4 Replies Latest reply: Sep 4, 2012 11:32 PM by woodstock42 RSS

HD 4000 OpenGL bug in glVertexAttribPointer

woodstock42 Community Member
Currently Being Moderated

Dear Support Team,

 

I found a serious bug in the current graphics driver for the HD 4000. Our application shows very wrong OpenGL rendering for big datasets.

 

A long debug session showed that glDrawArray accesses wrong vertices in the bound vertex buffer object. This happens only if glVertexAttribPointer is called with a stride or offset bigger than 2048 bytes. The value for the stride is messed up, but constant. For values smaller than 2048 bytes our application runs fine.

 

My first guess for the reason is that the stride and offset values are accidentally casted to 16 bit floating point values, which have a 10 bit mantissa and cause precision loss for integer numbers bigger than 11 bit.

 

Please fix this issue with high priority as there is no easy workaround. We bought hundreds of new Ivy Bridge laptops for our users and all are affected. And I am sure that many other applications will fail as it is very common to use vertex buffer strides and offsets bigger than 2048 bytes. I assume that most of them will not even know why their applications fail ...

 

Thanks in advance,

Woodstock

 

OpenGL version: 3.3 ("3.3.0 - Build 8.15.10.2761")

OpenGL shading language version: 3.3 ("3.30 - Intel Build 8.15.10.2761")

OpenGL renderer: "Intel(R) HD Graphics 4000"

OpenGL context: core profile, forward compatible

 

HD4000_report.png


  • 1. Re: HD 4000 OpenGL bug in glVertexAttribPointer
    woodstock42 Community Member
    Currently Being Moderated

    Update:

    The same bug is also in the driver version 9.17.10.2792, and it is in both the core and compatibility profile.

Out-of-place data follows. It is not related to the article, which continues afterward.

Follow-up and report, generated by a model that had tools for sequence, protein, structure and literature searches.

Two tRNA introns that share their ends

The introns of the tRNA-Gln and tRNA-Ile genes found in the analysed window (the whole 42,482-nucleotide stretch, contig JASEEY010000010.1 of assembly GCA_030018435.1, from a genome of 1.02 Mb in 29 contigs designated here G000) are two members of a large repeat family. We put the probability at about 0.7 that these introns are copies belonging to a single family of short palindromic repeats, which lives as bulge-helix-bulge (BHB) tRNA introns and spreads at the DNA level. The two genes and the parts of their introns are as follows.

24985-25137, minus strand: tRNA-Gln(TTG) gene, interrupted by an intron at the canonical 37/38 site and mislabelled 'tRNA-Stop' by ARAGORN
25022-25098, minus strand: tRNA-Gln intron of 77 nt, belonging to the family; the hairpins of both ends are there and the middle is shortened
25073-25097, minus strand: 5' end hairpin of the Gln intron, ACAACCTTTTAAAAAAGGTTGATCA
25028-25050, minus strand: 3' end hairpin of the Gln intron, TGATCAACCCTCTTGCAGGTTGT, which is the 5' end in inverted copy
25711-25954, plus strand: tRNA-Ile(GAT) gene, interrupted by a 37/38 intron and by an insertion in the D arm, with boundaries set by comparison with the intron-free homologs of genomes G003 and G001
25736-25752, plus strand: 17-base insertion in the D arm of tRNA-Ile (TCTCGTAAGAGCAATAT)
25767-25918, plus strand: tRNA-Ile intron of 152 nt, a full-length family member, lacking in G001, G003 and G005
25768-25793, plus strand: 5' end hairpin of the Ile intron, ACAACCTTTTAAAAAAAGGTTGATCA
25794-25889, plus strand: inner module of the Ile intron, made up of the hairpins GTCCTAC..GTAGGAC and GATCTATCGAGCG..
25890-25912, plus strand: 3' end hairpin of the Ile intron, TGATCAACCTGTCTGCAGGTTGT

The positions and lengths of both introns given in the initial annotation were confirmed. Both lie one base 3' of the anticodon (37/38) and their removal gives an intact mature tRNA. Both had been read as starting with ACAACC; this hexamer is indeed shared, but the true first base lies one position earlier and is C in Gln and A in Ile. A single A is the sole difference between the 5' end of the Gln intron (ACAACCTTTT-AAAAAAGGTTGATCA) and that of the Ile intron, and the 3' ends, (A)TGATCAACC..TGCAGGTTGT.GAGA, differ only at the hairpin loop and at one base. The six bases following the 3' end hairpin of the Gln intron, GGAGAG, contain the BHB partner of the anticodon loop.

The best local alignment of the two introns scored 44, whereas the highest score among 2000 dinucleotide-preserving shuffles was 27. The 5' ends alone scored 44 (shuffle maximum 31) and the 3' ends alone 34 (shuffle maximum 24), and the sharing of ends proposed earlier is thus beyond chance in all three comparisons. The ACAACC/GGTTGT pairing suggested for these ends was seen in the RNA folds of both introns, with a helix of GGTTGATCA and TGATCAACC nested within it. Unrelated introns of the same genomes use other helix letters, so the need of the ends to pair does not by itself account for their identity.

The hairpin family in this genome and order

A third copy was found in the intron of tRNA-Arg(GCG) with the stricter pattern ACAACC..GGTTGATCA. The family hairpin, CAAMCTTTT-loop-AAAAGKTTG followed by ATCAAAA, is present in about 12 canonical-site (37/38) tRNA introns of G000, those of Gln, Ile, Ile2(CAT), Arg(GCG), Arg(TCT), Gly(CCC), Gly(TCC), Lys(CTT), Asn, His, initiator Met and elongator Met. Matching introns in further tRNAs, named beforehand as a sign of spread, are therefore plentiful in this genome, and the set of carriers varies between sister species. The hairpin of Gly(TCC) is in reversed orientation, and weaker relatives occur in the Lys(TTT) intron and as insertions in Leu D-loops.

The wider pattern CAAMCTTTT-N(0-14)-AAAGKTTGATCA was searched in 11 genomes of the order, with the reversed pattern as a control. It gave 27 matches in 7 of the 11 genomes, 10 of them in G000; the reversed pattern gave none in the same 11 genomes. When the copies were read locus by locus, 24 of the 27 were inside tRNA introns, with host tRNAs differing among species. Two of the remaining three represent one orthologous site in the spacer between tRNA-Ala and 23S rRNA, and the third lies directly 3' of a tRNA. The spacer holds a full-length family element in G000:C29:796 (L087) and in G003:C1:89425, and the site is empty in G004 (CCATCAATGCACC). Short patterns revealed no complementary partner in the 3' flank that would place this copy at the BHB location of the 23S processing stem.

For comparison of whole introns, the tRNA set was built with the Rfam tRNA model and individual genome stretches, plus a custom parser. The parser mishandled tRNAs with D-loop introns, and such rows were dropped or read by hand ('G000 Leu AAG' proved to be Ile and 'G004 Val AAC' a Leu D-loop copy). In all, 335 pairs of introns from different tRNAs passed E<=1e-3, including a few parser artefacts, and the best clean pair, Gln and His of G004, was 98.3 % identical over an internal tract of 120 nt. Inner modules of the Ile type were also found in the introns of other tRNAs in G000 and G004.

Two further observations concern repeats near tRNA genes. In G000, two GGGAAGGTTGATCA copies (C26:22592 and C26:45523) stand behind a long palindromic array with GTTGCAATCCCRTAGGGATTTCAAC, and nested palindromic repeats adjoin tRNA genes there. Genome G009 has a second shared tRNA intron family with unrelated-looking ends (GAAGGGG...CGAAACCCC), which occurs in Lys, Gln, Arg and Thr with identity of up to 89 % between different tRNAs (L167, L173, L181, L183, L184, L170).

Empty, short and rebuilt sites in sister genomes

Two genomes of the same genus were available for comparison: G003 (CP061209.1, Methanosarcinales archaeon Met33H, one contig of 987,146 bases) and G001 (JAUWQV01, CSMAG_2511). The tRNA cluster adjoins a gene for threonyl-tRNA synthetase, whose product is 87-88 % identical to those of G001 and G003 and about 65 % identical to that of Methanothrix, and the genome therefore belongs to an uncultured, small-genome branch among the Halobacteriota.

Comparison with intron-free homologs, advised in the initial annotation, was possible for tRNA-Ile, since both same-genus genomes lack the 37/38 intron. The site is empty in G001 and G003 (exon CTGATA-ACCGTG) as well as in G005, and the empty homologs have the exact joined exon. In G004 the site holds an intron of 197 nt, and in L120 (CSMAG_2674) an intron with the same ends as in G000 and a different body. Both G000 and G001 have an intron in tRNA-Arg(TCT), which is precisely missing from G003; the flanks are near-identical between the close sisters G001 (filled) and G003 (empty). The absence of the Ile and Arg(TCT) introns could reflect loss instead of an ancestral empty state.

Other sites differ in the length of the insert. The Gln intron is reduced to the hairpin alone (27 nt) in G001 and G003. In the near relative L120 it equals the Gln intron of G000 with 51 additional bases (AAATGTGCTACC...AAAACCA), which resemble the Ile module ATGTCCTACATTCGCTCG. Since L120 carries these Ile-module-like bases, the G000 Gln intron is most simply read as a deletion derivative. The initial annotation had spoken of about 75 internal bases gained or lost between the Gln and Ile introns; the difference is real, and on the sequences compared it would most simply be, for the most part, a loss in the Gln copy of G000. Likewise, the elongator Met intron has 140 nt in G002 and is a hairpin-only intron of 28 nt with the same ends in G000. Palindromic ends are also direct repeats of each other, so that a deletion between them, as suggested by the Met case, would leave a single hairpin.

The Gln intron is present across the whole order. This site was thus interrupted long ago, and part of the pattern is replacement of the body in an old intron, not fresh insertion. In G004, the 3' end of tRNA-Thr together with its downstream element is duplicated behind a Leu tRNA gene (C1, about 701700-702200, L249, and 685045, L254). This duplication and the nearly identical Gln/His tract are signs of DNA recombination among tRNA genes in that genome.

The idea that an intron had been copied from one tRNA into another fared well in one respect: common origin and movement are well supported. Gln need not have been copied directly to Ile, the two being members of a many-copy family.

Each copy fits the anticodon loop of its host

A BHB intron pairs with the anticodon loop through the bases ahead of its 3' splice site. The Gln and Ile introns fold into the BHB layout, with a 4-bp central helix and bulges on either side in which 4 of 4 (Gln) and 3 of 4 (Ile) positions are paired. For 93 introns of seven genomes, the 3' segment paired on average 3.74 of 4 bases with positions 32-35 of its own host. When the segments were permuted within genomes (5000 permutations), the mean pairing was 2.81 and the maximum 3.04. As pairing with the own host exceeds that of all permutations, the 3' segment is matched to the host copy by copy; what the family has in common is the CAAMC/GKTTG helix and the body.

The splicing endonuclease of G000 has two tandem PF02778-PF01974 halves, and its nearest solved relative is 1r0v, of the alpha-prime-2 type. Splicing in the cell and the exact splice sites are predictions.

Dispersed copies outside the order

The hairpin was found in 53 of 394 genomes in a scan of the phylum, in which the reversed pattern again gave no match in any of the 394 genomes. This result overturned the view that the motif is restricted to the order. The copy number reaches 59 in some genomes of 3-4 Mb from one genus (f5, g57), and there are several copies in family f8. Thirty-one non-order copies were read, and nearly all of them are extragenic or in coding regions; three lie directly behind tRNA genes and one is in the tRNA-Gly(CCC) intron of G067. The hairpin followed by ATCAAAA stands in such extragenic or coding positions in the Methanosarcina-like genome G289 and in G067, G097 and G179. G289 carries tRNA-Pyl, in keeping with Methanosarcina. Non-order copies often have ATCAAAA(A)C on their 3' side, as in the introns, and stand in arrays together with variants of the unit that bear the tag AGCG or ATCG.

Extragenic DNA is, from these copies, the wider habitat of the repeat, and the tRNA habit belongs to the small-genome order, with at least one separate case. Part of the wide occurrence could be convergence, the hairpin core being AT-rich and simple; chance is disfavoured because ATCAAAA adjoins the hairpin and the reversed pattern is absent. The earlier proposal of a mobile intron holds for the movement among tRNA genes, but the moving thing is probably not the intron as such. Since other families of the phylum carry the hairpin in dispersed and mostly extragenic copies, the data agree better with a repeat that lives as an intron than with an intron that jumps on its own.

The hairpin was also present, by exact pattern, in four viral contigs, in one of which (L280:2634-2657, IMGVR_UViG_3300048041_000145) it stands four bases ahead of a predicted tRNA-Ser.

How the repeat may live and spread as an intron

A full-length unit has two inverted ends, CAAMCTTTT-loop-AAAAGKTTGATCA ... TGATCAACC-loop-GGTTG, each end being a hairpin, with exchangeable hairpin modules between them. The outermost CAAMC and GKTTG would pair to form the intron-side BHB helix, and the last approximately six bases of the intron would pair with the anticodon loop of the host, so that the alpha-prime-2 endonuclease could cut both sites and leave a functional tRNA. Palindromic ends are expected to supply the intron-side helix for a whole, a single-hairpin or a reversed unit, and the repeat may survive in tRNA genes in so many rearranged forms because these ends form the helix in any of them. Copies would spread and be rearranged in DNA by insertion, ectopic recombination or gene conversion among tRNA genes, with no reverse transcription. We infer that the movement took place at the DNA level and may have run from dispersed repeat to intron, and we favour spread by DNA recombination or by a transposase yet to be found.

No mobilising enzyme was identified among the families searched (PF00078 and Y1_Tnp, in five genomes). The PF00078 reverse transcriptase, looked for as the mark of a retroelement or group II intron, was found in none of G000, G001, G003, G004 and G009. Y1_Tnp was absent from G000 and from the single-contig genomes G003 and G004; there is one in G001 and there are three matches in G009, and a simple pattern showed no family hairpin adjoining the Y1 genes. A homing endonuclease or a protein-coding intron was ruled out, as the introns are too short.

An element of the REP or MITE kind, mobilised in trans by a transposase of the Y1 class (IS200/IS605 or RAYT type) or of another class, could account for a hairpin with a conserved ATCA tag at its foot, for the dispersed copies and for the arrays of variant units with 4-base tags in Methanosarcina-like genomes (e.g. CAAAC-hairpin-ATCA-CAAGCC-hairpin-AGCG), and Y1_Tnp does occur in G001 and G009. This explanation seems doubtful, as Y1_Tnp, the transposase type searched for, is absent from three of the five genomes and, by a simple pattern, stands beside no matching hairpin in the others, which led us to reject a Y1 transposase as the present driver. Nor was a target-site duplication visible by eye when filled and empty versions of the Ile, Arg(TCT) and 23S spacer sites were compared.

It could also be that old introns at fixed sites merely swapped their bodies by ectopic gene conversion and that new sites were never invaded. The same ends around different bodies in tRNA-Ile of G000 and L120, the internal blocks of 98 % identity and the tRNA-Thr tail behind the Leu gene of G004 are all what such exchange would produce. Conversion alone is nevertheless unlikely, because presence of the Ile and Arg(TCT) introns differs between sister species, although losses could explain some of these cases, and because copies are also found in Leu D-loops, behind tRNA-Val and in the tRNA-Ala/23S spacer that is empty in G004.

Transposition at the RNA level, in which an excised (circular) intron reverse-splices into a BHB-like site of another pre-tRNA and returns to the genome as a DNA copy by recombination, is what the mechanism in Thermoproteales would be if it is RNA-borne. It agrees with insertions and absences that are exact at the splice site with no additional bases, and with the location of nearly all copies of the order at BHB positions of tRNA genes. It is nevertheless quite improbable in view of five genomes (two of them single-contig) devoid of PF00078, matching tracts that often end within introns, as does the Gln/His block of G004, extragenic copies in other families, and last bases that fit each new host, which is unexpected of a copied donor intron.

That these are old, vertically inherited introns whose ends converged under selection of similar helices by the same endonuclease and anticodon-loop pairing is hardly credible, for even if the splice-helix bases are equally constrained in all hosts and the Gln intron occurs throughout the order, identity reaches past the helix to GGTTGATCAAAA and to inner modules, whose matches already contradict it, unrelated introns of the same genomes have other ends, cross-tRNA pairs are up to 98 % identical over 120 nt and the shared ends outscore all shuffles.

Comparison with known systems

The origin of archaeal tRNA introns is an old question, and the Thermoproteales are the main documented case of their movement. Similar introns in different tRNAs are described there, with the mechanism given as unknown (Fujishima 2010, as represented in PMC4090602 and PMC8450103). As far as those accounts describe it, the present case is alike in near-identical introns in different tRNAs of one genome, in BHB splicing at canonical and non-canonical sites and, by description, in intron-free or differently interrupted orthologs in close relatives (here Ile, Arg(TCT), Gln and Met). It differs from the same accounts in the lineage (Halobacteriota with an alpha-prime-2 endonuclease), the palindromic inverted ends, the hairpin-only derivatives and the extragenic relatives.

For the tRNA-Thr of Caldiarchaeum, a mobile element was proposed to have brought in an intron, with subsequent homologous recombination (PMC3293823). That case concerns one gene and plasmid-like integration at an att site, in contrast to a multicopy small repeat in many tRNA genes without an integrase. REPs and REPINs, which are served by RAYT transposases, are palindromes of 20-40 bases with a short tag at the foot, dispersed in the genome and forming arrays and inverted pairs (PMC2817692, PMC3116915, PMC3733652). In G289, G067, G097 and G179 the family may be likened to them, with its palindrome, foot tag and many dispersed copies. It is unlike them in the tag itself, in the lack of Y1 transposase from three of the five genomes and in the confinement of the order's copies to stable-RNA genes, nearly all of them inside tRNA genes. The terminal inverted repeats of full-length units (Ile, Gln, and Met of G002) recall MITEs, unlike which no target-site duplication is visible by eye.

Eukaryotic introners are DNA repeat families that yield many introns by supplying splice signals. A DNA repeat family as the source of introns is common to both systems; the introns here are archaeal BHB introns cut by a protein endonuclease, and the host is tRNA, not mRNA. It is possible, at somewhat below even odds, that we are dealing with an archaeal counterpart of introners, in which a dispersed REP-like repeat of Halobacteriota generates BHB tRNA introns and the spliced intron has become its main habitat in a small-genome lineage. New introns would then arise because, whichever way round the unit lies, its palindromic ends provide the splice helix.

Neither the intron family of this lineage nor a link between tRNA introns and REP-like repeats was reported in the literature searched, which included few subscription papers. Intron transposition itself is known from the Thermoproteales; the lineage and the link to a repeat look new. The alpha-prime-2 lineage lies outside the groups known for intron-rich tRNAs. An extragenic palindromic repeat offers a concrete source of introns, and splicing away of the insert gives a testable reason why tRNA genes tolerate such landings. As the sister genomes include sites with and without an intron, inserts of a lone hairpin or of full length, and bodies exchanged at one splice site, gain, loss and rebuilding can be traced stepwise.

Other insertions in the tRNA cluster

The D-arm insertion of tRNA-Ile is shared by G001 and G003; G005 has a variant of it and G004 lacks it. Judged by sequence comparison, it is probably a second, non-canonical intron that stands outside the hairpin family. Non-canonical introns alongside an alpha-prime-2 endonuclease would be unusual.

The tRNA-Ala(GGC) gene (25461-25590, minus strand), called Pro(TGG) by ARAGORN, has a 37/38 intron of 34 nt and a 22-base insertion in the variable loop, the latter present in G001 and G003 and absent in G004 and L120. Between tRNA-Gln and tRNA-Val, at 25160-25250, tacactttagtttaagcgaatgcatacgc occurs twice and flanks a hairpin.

• 2. Re: HD 4000 OpenGL bug in glVertexAttribPointer
    Robert_U Community Member
    Currently Being Moderated

    Could you post steps to reproduce the issue?

  • 3. Re: HD 4000 OpenGL bug in glVertexAttribPointer
    woodstock42 Community Member
    Currently Being Moderated

    Sure, only one step is neccessary: Call glVertexAttribPointer with a stride or offset bigger than 2048 bytes ...

    I will post a minimal glut example tomorrow.

  • 4. Re: HD 4000 OpenGL bug in glVertexAttribPointer
    woodstock42 Community Member
    Currently Being Moderated

    Here is the minimal glut example, which only draws one white triangle. It takes the stride as parameter on the command line and reduces it to the next multiple of 4.

     

    Up to 2048 to program runs fine, 2052 and more does not render anything.

    By the way, in the example I used glVertexPointer, which shows the same bug like glVertexAttribPointer.

     

     

    #include <GL/freeglut.h>

    #include <cstdlib>

     

    void init(int stride)

    {

      stride = (stride < 8 ? 2 : stride /= 4);

      static float *vertices = new float[stride * 2 + 2];

      vertices[stride * 0 + 0] = 0.0f;

      vertices[stride * 0 + 1] = 0.0f;

      vertices[stride * 1 + 0] = 1.0f;

      vertices[stride * 1 + 1] = 0.0f;

      vertices[stride * 2 + 0] = 0.0f;

      vertices[stride * 2 + 1] = 1.0f;

      glVertexPointer(2, GL_FLOAT, (stride != 2 ? stride * 4 : 0), vertices);

      glEnableClientState(GL_VERTEX_ARRAY);

    }

     

    void display(void)

    {

      glClear(GL_COLOR_BUFFER_BIT);

      glDrawArrays(GL_TRIANGLES, 0, 3);

      glutSwapBuffers();

    }

     

    void reshape(int w, int h)

    {

      glViewport(0, 0, w, h);

    }

     

    int main(int argc, char* argv[])

    {

      glutInit(&argc, argv);

      glutInitDisplayMode(GLUT_DOUBLE | GLUT_RGBA);

      glutInitWindowSize(600, 600);

      glutCreateWindow("Intel bug");

      init(argc > 1 ? std::atoi(argv[1]) : 0);

      glutDisplayFunc(display);

      glutReshapeFunc(reshape);   

      glutMainLoop();

      return 0;

    }

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